The one year anniversary of Governor Pat McCrory signing HB2 – the “bathroom bill” – into law is today, so what better time took look over the past year and survey the devastation to this beautiful state, as predicted by President Obama, his Department of (social) Justice, liberal activists, Human Rights groups, and North Carolina Democrats.
If you listened to anything any of these people were saying, North Carolina should be in utter ruins, by now. The boycotts and fleeing businesses should have turned the state on its head.
Except they didn’t, and we’re not.
The Washington Times looked back at the past year and measured the aftermath. And to quote an old song:
Nothing could be finer than to be in Carolina…
To begin, those industries predicted to be hit hardest by HB2 and the ensuing boycotts by sporting events and concerts that were pulled would be the service industries.
Tourism has thrived: Hotel occupancy, room rates and demand for rooms set records in 2016, according to the year-end hotel lodging report issued last week by VisitNC, part of the Economic Development Partnership of North Carolina.
The NCAA relocated seven championships, including two — the Division I women’s soccer championship and the Division III men’s and women’s soccer championship — that were held in December. The other five were slated for this year.
Even so, hotel and motel occupancy increased last year by 3.4 percent over 2015, and “each month of 2016 experienced the highest occupancy on record,” according to the lodging report.
The average room rate of $98.88 per night represented a 3.6 percent jump from 2015, which also set a state record and exceeded the national increase of 3.1 percent.
Maybe it’s because tourists feel they can go into a bathroom in North Carolina and not have to worry about who’s going to walk in on them?
The Old North State pulled a fourth-place rank out of 50 states for attracting and expanding businesses, and seventh place in projects per capita. This was the same as in 2015 – pre-HB2.
North Carolina finished first for drawing corporate facilities in the eight-state South Atlantic region, said Site Selection, which uses figures tracked by the Conway Projects Database.
And in November, both Forbes and Site Selection magazine ranked North Carolina the No. 2 state for business climate.
It’s almost like real people aren’t buying the unicorn farts being passed off as human rights issues by the left!
The unemployment rate has held steady at 5.3 percent.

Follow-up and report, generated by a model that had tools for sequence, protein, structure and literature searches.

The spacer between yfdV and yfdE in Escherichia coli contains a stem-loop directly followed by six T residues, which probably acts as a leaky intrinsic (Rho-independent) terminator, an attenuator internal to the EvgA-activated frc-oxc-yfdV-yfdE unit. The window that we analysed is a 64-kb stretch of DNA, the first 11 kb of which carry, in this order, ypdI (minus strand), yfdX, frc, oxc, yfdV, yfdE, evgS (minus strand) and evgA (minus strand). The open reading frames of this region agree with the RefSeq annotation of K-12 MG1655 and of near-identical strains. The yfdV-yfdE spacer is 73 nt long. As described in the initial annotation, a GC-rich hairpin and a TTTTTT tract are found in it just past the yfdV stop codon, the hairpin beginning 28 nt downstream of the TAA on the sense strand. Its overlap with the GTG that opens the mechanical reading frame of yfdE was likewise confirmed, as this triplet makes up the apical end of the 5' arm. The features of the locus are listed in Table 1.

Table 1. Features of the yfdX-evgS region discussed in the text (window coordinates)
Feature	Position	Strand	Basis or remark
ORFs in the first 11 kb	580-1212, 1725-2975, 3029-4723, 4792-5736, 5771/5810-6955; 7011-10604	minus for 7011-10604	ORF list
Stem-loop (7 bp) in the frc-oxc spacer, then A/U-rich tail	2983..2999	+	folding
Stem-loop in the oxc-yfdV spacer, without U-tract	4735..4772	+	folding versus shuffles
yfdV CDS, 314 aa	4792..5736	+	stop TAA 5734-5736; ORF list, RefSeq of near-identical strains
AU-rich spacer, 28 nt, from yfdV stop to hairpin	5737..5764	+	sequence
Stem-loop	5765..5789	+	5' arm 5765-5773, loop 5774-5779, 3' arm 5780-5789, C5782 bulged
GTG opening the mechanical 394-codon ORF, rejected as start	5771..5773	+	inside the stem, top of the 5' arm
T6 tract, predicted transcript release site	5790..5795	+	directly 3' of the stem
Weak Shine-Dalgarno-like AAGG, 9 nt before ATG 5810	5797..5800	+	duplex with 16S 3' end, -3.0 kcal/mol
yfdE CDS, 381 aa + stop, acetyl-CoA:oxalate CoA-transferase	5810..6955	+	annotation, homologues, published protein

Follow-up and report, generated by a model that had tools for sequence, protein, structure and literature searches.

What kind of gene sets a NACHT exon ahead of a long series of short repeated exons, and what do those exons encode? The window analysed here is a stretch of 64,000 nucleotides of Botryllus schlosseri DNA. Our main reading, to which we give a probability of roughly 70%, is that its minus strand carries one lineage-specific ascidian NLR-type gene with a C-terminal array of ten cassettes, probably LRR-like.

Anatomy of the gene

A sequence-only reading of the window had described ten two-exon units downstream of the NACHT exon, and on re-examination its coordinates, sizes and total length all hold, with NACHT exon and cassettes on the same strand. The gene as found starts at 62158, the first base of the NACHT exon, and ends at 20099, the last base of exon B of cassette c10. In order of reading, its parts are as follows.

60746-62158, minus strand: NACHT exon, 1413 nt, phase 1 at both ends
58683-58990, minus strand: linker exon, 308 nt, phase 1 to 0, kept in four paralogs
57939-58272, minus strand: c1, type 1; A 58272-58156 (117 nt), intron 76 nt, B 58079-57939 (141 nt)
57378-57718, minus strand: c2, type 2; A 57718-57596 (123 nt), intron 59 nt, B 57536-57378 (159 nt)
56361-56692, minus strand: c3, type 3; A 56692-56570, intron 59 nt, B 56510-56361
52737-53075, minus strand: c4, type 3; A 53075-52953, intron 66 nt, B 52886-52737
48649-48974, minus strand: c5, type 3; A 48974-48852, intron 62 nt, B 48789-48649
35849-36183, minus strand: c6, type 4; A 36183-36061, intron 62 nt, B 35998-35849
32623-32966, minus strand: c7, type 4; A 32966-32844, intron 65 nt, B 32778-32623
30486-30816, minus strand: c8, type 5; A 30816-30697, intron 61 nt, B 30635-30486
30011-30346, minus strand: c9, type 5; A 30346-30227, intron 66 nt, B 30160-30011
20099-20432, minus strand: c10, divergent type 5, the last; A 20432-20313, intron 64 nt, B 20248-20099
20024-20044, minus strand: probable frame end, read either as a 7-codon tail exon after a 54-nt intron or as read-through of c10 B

People are working in North Carolina. People are still feeding their families in North Carolina. The sun still shines and the shadow of devastation, perpetuated through liberal wishcasting just didn’t occur.
The only real damage felt to the state in the past year was the loss of a really good governor.
There are 16 other states that are considering similar bathroom legislation. North Carolina’s success has started something. People are beginning to push back against the nonsense of the liberal worldview that would put everyone else in danger, all for social engineering.
North Carolina’s Lt. Governor Dan Forest, a very vocal supporter of HB2, recently visited Texas to discuss the bill with their legislators, telling them that the economic damage to the state was less than one-tenth of one percent.
“Suffice it to say, our economy is doing well,” said Mr. Forest, a Republican. “Don’t be fooled by the media; this issue is not about the economy. This issue is about privacy, safety and security in the most vulnerable places we go. This is about doing the right thing. And I will never trade the privacy, safety and security of a woman or a child for a basketball ticket, and neither should you.”
Liberals, of course, want to talk about the “what ifs” rather than the “what is.”
Taking issue with that assessment was Chris Sgro, a former Democratic state legislator who now heads EqualityNC. He said the figures fail to take into account what would have happened without the so-called bathroom bill.
“It is a universally agreed-upon fact at this point that HB2 is hurting the state of North Carolina economically,” Mr. Sgro said.
Except it’s not universally agreed-upon, nor is it fact, once you look at the actual numbers that are coming in.
Looking at it from the angle of those who have tried to bully the state into compliance with dangerous ideologies, the NBA moved its All-Star game from Charlotte to New Orleans. As of a week before the game, ticket sales were the lowest in All-Star history.
The ACC moved their championship football game to Orlando.
Yeah. Lowest attendance for an ACC championship football game in history.
As for the company that kicked off the boycotts:
While PayPal canceled plans last year to construct an operations center in Charlotte that would have employed about 400, other companies have stepped in. Already this year, Moen, Corning and Alevo have announced in-state expansions, bringing in about 650 jobs over the next several years, according to the partnership.
There have actually been efforts to repeal HB2, in a way that is agreeable to both sides of the argument. To date, Democrats are obstructing, just as they did in 2016, because they want to wrest control of the General Assembly out of the hands of the Republican majority.
If they can keep this an issue until the midterm elections in 2018, claiming damages to the state that don’t actually exist, and somehow conning the public into believing it, they have control of the state again, and can begin dismantling all the positives that the General Assembly and Governor Pat McCrory did over a four-year span.
But, hey, social justice, right?